I have this question and I am struggling to find a formal answer to this:

Given $G$ is a PRG, show that $H(s)=G(G(s))$ is also a PRG.

I know that a proof for this would assume that there exists a p.p.t. $\mathcal{A}$ that wins the adversary game against $H(s)$ and thereby there also has to exist one that wins against $G(s)$. But how can I formalize this?

  • 1
    $\begingroup$ Welcome to crypto-SE. We have a homework policy requiring effort to be shown. Please write down the definition of PRG used (there are variations, and it might lead you to the answer). Katz&Lindell have an Expansion criteria, $|s|<|G(s)|$, making $H(s)=G(G(s))$ ambiguous. Is $G(s)$ truncated to $|s|$ before use as seed of an outer $G$ parametrized as the inner one? Or is the full $G(s)$ used, implying different parametrization of the two instances of $G$ ? If using a definition requiring expansion, please show that easy part of the proof. $\endgroup$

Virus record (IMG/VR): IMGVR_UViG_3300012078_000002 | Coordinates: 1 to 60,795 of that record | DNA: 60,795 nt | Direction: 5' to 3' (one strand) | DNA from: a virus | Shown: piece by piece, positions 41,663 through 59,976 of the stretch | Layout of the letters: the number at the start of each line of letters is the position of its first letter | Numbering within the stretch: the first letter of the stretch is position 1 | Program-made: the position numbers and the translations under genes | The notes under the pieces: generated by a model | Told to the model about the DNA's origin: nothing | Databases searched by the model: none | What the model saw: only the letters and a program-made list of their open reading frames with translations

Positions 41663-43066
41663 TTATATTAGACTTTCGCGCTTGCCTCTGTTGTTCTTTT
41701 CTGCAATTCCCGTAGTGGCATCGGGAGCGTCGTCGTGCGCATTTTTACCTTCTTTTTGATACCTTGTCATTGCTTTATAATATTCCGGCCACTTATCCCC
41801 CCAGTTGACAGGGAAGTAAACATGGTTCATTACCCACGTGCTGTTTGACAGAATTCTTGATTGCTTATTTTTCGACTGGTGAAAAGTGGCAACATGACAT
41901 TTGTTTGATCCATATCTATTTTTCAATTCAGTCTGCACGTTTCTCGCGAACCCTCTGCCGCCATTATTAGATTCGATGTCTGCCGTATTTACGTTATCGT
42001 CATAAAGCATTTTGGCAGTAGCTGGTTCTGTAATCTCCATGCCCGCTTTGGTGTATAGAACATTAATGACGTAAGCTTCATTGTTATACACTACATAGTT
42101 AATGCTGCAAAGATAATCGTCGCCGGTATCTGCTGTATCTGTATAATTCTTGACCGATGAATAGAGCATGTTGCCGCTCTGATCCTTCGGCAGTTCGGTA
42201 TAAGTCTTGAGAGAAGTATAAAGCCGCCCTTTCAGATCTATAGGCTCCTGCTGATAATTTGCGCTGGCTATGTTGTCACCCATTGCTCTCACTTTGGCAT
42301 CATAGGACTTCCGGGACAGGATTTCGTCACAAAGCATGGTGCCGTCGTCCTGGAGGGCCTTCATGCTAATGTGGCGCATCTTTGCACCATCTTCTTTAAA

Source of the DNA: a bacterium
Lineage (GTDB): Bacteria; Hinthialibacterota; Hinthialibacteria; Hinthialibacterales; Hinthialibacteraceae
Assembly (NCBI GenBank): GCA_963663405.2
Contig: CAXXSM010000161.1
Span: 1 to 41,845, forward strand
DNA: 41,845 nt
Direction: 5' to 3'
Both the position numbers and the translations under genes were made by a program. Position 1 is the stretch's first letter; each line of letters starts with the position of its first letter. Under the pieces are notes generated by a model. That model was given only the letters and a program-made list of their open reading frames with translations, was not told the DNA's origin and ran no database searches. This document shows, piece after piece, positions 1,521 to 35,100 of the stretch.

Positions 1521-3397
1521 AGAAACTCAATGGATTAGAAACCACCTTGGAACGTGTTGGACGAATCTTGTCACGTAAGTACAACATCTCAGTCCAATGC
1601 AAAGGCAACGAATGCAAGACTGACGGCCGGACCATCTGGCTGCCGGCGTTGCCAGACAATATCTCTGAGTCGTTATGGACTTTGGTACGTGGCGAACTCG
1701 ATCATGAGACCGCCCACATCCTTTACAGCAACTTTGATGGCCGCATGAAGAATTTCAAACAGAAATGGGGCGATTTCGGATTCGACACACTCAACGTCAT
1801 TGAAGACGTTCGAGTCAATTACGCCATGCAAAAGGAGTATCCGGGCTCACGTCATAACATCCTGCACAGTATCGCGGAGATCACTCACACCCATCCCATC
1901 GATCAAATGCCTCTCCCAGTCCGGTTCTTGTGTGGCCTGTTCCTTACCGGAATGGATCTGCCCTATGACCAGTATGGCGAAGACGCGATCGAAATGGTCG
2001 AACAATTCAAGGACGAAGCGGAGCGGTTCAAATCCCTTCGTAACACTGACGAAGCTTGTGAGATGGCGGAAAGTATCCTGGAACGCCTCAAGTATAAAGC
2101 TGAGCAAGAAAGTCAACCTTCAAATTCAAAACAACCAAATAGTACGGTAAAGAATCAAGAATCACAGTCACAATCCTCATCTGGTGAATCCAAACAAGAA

– fgrieu
    Nov 15 '20 at 13:24
  • $\begingroup$ Hint for the remaining: whatever the definition of PRG used, $G$ is implemented by a Polynomial Time algorithm $\mathcal G$. Meaningfully combine it with the Probabilistic Polynomial Time algorithm $\mathcal A$ of the question to form a new PPT algorithm $\mathcal A'$ that can be applied to $G(s)$, and prove that if $\mathcal A$ wins with non-vanishing probability against $H$, then $\mathcal A'$ wins with non-vanishing probability against $G$. $\endgroup$
    – fgrieu
    Nov 15 '20 at 15:15

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